“Interested in Seeing relations between India and Pakistan as good neighbourly relations and we would like to see the settlement of existing conflicts, for example, the Kashmir Issue”.
Ahead of Pakistan Prime Minister Imran Khan’s visit to Russia next week, Moscow has assured that the cooperation between the two countries is not aimed that any “third country”, which means India.
Khan’s visit is the first such bilateral visit by a Pakistani prime minister to Russia in decades.
Though the dates of the visit haven’t been officially announced yet, Pakistan media reports quoting diplomatic sources have confirmed that Khan is expected to visit Moscow from February 23 to 26.
In response to WION’s question at the weekly Russian foreign ministry presser, spokesperson Maria Zakharova said, “I can assure you that the cooperation between Russia and Pakistan is not aimed at any third country. It is aimed at ensuring peace, security and stability in the region.”
She further said that both countries are “seeking to counter international terrorism and we seek to develop international trade”.
In 1999, the then Pakistani PM, Nawaz Sharif, visited Russia. It was followed by the visit of Pervez Musharraf in 2003, and Pakistan President Asif Ali Zardari in 2011.
In 2017, former prime minister Shahid Khaqan went to Russia for the Shanghai Cooperation Organisation Summit (SCO) in Sochi, which wasn’t a bilateral visit.
The last formal bilateral meeting between both sides was when Sharif and President Vladimir Putin met on the sidelines of the SCO summit in Astana, Kazakhstan in June 2017.
Commenting on the India-Pakistan ties, the Russian spokesperson said that Mosco is “interested in seeing relations between India and Pakistan as good neighbourly relations and we would like to see the settlement of existing conflicts, for example, the Kashmir issue”.
Reiterating the long-standing position of Moscow, she said that all issues between the two countries should be resolved bilaterally under the Shimla and Lahore pacts.
Zakharova also welcomed the continuation of the 2003 ceasefire pact and the “statements by Pakistani leadership on normalising Indo-Pakistan ties.”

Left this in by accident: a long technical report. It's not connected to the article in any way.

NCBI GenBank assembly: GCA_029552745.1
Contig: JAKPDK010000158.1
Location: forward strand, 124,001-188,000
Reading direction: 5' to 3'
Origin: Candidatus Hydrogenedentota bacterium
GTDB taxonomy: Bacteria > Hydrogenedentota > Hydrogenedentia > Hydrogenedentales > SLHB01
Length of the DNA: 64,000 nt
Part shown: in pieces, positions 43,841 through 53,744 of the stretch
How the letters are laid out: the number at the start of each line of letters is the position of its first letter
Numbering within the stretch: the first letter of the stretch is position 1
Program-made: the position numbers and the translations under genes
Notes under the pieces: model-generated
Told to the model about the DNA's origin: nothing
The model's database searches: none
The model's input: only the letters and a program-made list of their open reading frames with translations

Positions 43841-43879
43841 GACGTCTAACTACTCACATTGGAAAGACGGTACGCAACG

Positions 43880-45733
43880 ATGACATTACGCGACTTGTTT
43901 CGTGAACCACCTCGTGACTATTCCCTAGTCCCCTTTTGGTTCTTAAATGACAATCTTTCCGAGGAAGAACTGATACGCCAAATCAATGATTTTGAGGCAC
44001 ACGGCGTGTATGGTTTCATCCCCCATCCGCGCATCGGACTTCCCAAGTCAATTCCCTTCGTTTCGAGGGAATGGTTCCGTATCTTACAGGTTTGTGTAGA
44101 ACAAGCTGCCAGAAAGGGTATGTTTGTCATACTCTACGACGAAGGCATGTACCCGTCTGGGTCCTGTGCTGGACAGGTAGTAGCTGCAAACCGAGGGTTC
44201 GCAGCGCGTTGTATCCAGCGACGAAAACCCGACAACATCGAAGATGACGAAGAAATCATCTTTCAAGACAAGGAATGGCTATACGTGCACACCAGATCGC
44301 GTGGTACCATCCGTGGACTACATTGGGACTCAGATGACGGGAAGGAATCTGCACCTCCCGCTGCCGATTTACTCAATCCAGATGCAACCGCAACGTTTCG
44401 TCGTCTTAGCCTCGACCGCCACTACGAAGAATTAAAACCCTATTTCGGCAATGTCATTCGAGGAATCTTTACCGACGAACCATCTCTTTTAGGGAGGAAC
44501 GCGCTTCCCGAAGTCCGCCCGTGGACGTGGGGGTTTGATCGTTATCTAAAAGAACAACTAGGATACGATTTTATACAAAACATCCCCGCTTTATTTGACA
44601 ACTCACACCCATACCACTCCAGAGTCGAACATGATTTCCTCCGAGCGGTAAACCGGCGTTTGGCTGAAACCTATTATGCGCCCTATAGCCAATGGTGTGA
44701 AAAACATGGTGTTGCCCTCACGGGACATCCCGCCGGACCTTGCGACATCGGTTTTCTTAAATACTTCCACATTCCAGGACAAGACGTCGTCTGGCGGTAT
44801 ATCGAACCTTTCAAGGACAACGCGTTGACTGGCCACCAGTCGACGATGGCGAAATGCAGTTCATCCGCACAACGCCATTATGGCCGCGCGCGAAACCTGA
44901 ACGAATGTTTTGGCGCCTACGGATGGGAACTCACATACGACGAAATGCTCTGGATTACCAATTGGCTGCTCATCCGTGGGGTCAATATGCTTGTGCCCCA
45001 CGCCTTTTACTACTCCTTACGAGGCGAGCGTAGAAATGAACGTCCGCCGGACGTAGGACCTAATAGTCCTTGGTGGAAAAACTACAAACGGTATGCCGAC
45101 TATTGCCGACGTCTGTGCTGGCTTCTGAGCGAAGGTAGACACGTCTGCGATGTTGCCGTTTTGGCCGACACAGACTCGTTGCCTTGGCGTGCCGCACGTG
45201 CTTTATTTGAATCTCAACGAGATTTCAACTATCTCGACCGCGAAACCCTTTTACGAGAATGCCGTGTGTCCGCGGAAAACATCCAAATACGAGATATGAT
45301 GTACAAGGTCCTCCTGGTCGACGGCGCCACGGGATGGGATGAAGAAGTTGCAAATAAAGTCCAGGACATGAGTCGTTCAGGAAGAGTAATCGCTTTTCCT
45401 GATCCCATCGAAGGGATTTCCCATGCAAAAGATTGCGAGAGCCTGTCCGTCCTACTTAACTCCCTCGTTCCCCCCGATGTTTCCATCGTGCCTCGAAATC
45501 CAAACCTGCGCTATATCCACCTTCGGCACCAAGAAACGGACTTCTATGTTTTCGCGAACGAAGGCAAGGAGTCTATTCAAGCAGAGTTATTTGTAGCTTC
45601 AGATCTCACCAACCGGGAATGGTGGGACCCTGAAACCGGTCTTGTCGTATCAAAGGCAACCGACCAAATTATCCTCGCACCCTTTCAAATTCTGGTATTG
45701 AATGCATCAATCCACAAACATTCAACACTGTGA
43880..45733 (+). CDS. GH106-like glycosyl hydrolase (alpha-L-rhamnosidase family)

Spokesperson Maria brushed aside the view that Moscow doesn’t keep Indian sensitivities in mind in the backdrop of Imran Khan’s visit.
She said, “It is nothing to do with reality. Delhi and Moscow enjoy tight cooperation and recently we had a series of contact despite the pandemic restrictions.”
Russian President Putin visited Delhi in December 2021 for the annual India-Russia summit.
Later this year, PM Modi will be visiting the country as part of the annual summit. Other than that, both countries are engaging under the 2+2 foreign and defence ministers dialogue, the first of which took place last year.
While defence forms one of the main pillars of ties, both sides have been engaging in the economic area, Covid crisis and connectivity.
Internationally, both are members of the BRICS, SCO, RIC grouping.
The Russian foreign ministry spokesperson said, “We understand that our countries bear a huge responsibility for peace and stability in the region and the level of contact we have between our leadership, it attests to the fact that we are indeed taken into account positions of each other.”
Responding to India-Russia engagement on the Afghanistan situation, she said, “We will coordinate our joint steps in national capacity on the international arena when it comes to dealing with the crisis in the country.”
India has been part of the Moscow Format talks on Afghanistan while the Russian NSA attended the Delhi security meet involving NSAs of several countries in the region.
The NSAs meeting in Delhi saw the participation of Iran, Kazakhstan, Kyrgyz Republic, Russia, Tajikistan, Turkmenistan and Uzbekistan.
With inputs from Wion
(Except for the headline, this story has not been edited by Kashmir Today staff and is published from a syndicated feed.)